Monday, November 2, 2020

Nerds on Tour: Black Orpheus, by Marcel Camus, dir. (1959, film)


Location: Brazil (via France)

Package Type: Film

Itinerary: The top-line summary of Orfeu Negro is simply that the ancient myth of Orpheus and Eurydice plays out against the backdrop of the Carnival celebration in Rio de Janeiro. In this film, Orpheus is a singer who works as a tram-car driver and lives in one of the favelas of Rio, high up on a hillside surrounding the urban center of the city. His  girlfriend, Mira, is determined to steamroll him to the altar before he fully realizes what's happening, but stepping into the 36-hour window between Mira rushing Orpheus to the marriage license office and any potential ceremony, is Eurydice. 
She is the cousin of Orpheus' neighbor, Serafina, and has fled her family farm in terror, convinced that a man there is trying to kill her. Orpheus, Mira, Serafina, and the entire favela are preparing for Carnival, where their samba school will be performing for thousands of people. Even though Eurydice has arrived with nothing, Serafina decides she needs to participate in Carnival, with a beautiful costume and as a part of the whole experience. It is during the run-up to that night's massive rehearsal that Orpheus and Eurydice begin to feel a profound attraction for one another, almost like fate, that they cannot explain. But at the rehearsal, a dark force looms up out of the crowd in the form of a masked man that we immediately understand is the reason why Eurydice fled her home. 
Thus begins the race of Orpheus and Eurydice against the inevitable. If the viewer is at all familiar with the myth of Orpheus and Eurydice, the story beats will be familiar: Death will take Eurydice, Orpheus will descend into the Underworld to try to bring her back, he will be met with the bargain that she can return with him, but only if he never looks at her again. He will not be able to resist, and in turning, he will lose his love forever.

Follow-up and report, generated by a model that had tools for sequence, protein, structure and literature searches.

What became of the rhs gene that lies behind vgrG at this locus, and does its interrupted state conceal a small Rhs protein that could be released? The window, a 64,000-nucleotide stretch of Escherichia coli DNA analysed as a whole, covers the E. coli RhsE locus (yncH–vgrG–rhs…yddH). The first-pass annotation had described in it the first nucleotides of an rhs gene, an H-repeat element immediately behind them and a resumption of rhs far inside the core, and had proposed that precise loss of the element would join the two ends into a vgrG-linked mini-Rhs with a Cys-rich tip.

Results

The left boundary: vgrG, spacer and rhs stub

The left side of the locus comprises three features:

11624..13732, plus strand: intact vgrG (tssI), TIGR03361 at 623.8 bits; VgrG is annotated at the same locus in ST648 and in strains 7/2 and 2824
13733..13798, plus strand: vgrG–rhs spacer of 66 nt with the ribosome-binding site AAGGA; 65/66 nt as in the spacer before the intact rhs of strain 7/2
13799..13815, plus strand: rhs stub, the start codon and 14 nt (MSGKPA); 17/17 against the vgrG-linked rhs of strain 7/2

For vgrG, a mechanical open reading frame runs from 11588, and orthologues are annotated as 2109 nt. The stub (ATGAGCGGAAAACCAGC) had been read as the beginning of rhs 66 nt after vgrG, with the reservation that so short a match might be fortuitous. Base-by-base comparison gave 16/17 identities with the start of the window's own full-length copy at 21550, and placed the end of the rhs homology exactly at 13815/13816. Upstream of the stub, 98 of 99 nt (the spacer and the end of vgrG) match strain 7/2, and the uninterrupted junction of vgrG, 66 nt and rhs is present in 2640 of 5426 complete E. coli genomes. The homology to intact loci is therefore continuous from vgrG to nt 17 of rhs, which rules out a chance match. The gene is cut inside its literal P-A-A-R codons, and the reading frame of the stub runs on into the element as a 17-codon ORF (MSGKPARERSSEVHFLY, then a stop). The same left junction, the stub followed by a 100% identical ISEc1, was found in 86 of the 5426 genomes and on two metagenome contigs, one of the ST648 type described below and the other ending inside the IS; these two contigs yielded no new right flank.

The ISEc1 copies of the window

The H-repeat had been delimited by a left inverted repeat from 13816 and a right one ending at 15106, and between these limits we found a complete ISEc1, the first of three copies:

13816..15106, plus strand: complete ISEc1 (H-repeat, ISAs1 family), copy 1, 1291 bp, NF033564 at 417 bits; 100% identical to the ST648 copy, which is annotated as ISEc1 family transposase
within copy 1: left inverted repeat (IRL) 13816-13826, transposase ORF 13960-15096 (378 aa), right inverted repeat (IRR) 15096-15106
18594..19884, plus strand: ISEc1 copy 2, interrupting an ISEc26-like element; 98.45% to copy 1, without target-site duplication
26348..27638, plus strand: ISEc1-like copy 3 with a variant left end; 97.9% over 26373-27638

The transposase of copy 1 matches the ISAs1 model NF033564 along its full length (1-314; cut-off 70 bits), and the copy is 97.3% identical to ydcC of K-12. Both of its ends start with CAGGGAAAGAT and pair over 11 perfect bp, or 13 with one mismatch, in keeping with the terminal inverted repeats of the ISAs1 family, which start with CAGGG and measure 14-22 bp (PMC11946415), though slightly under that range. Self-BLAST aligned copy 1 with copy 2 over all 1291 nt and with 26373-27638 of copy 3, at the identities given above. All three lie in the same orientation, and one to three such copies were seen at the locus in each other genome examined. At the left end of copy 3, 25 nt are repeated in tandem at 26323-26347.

These familiar beats are rendered here in a combination of bureaucratic nightmare and indifference, a poetic blurring of the real and the supernatural, and traditional African religious ceremonial practices. That the film ends in tragedy is a foregone conclusion, but the journey getting there is a visual delight.  

Travel Log: Discussing Orfeu Negro is challenging because there are a number of issues in tension, not all of them on screen. By this I mean 1) the quality of the filmmaking and the performances, 2) the cultural impact of the movie in 1959 and beyond, 3) the attitudes and contributions of the people involved in the movie, and 4) how each individual viewer reconciles these tensions. 
To start with, the film is a visual and sonic marvel. With the exception of Marpessa Dawn, the American expat who plays Eurydice, the other performers are Brazilian, and most belonged to an experimental theatre group in Rio. The performances are wonderful, exploding with life and movement, and the colors of the film are lyrical and poignant. It is simply a joy to look at. Similarly, the soundtrack, created by Antonio Carlos Jobim and Luiz Bonfa, essentially created what would become known as Bossa Nova music by simplifying the traditional samba forms of Brazilian music. From a filmmaking standpoint, Orfeu Negro more than earns its classic status.